Likewise, the most common youth sports injuries are often a result of poor training practices or improper use of gear or equipment. It’s important to encourage young athletes to visit their doctors for a pre-season physical examination. Pre-season concussion tests are just one way of providing a solid benchmark for potential future injuries.
Here are a few ways you can help guide your patients, their parents and their coaches to pave the way to a safer athletic experience (provided by the American Academy of Pediatrics):
- Take at least one day off of training a week so the body has time to recover;
- Take breaks during practices and games to prevent injury and heat illness;
- Use the correct, properly-fitted protective gear including pads for neck, shoulders, elbows, chest, knees and shins, as well as helmets, face guards, mouthguards, protective cups and/or eyewear;
- Stay hydrated by drinking plenty of fluids before, during and after play;
- Wear weather-appropriate clothing to stay warm and prevent overheating. Coaches and trainers should reduce or stop practices or competitions when heat or humidity is high;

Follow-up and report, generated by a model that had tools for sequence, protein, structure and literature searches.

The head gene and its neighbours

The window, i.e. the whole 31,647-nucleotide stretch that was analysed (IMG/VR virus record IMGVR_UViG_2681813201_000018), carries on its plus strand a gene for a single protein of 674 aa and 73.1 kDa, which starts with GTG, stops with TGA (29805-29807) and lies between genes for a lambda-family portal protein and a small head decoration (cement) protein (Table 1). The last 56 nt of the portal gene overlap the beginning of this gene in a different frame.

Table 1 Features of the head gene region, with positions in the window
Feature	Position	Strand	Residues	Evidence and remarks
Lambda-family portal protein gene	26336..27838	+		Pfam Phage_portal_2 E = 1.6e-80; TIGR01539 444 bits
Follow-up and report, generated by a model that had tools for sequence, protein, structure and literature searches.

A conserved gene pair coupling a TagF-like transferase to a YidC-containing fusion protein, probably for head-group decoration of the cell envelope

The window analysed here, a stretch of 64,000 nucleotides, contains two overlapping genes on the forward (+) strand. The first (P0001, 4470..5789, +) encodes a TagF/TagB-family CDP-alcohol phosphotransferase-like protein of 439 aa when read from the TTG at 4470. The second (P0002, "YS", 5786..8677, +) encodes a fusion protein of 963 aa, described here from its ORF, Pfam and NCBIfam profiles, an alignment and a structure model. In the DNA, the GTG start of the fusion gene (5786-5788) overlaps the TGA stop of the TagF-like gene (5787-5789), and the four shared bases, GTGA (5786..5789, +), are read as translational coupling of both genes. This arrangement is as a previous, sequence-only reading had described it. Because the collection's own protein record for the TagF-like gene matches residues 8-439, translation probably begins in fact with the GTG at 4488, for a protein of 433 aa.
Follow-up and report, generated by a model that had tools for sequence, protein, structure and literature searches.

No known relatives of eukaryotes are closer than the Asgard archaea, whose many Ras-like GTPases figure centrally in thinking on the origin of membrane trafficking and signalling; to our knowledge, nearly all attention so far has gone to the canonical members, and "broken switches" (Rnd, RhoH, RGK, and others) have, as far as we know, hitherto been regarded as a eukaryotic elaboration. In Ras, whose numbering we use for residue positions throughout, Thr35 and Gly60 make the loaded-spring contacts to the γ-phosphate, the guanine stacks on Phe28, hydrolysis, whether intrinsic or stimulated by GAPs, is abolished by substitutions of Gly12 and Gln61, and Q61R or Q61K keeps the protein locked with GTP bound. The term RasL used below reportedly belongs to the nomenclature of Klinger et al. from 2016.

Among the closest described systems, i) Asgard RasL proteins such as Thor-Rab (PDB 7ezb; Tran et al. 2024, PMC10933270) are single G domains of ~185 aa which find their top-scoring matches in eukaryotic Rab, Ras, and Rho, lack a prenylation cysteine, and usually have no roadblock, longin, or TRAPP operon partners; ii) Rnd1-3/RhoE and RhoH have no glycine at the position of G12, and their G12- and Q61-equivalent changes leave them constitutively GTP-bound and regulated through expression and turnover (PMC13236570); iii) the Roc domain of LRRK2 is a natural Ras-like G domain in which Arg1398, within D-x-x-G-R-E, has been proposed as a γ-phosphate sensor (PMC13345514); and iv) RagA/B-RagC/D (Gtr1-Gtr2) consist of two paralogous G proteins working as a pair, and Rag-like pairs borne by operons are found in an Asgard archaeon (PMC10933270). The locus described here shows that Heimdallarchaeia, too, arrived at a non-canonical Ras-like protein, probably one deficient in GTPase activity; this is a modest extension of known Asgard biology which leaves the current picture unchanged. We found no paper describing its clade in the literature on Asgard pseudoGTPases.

- Strengthen muscles before competing so the body is well-conditioned during play;
- Stretch and warm up before and after games and practices to prevent stress injuries;
- Implement safe, proper athletic techniques throughout the season.
There’s no question that participation in youth sports yields endless long-term physical, social and psychological benefits. It can build character, boost self-esteem and help develop teamwork skills. As medical practitioners, we generally feel compelled to help keep our patients healthy, so it’s important we share information that can help provide the safest possible athletic experience.
Connect with your local youth athletes
One way to make a difference in helping protect young athletes is to connect with them directly by sponsoring a local team.
Beyond the thrill of seeing your logo embossed on their team uniforms — or on the side of the Zamboni during a drive-by between periods — is the gratification of supporting your community on its most local level. Additionally, your financial support may qualify for a tax deduction, and your medical knowledge can be shared to help promote wellness and reduce the risk of injury.
It’s truly a wonderful way to give back and build a strong relationship with the families, players and athletic leaders in your community. Not to mention, your business’ brand name will stay top of mind, and you may just score a season’s worth of free event tickets. Just make sure you get a team photo to frame and proudly display on your office wall.
RUSSELL GREENSEID, DC, is a chiropractor, major shareholder and chief of staff at Metro Healthcare Partners in Brooklyn, N.Y. He is a trusted advocate and respected voice in the chiropractic field with a doctor of chiropractic degree from New York Chiropractic College in Seneca Falls, N.Y. He resides in Short Hills, N.J., with his wife and two sons. Visit metrohealthnyc.com for more information on Greenseid and his multidisciplinary team of professionals.